This may be objective, but I'd like others input. Do most short phrases and motifs especially in blues and rock, end on the root. I think I've noticed that in most phrases, that the ending note is always the most important to the listener. and its usually the root (or third ) of the backing chord. Yes, No ?
Musical phrases normally end on a chord tone of some kind. The root is probably the most common (especially in rock, blues, and folk music) because it is the most stable tone in the chord. The fifth of the chord is probably the second most common note, followed by the third.
Often, musical phrases come in pairs known as "antecedent" and "consequent." It is sort of analogous to a question and answer, where the antecedent ends on the dominant and the consequent ends on the tonic. The two phrases together are called a "period." http://openmusictheory.com/period.html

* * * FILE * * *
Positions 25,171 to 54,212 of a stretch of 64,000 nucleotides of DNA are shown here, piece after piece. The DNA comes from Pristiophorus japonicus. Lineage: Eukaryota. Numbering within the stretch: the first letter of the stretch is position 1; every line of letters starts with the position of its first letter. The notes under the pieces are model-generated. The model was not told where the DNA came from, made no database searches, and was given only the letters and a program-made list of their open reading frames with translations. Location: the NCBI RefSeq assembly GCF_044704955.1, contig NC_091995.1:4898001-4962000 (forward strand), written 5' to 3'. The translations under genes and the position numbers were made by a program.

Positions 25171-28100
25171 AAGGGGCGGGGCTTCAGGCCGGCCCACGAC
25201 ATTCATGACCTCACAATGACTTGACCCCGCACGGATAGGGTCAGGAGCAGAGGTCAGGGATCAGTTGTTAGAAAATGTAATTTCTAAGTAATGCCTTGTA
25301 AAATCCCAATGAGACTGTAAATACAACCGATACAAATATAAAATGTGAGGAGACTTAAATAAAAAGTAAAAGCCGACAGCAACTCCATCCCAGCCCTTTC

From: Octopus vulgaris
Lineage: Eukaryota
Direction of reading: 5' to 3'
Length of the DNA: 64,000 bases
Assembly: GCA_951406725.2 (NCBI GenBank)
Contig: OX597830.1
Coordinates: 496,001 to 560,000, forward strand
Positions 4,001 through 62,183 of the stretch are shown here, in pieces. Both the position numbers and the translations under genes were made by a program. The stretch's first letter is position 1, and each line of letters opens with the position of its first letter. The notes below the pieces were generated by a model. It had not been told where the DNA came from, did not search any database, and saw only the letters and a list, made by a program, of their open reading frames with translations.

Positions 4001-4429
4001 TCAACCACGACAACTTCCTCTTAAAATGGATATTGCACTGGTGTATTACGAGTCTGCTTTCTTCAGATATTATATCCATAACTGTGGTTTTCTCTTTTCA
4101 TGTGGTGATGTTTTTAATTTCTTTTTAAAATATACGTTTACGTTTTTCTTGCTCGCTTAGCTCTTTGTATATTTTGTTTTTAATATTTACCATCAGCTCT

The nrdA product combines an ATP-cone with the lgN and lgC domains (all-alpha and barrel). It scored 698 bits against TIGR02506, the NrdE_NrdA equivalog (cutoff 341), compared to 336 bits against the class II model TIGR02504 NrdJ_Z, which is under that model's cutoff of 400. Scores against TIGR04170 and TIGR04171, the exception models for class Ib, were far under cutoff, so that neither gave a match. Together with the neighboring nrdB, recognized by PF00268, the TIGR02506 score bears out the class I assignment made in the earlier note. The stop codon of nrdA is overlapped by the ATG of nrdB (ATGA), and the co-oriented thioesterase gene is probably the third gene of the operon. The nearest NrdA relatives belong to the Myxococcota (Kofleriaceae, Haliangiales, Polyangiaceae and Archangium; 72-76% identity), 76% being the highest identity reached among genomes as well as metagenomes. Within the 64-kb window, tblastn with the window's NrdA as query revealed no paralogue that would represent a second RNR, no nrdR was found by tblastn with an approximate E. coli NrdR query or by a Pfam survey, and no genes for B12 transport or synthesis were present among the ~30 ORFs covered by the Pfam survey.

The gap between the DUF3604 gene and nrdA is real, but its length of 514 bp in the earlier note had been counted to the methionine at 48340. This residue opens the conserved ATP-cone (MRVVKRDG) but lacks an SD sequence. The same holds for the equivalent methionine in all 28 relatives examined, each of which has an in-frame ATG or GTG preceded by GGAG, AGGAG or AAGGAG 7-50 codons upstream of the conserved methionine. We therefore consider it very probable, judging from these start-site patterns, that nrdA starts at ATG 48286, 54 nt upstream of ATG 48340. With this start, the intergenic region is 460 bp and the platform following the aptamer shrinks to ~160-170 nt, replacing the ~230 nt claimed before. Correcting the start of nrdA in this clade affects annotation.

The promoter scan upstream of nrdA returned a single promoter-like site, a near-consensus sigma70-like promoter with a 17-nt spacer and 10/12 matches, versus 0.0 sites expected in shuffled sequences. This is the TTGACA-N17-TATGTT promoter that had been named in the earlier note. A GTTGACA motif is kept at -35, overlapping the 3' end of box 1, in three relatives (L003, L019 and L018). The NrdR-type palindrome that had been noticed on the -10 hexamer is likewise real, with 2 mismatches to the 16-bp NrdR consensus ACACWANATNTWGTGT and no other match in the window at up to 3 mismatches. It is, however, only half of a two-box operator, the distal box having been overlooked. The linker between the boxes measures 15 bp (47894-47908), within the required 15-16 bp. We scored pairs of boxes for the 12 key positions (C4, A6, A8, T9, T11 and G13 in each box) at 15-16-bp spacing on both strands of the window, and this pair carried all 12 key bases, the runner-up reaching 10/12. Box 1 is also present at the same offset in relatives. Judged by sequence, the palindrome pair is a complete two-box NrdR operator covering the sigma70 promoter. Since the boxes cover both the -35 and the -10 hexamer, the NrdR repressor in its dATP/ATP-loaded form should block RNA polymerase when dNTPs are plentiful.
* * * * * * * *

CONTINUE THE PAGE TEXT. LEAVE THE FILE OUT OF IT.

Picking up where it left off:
I think this is a great question and I have spent a lot of time trying to get the sense of the ending or goal tone of phrases in blues and jazz.
I often have felt that avoiding the tonic is characteristic in the style. That ending on the tonic is either too obvious, too bland, or too strong an ending that breaks the momentum. In no way is this a definitive statement from me, but I do present two examples that I think may illustrate the point. I concede the point up front that these are the "heads" and not necessarily indicative of how the phrasing would work in improvizations.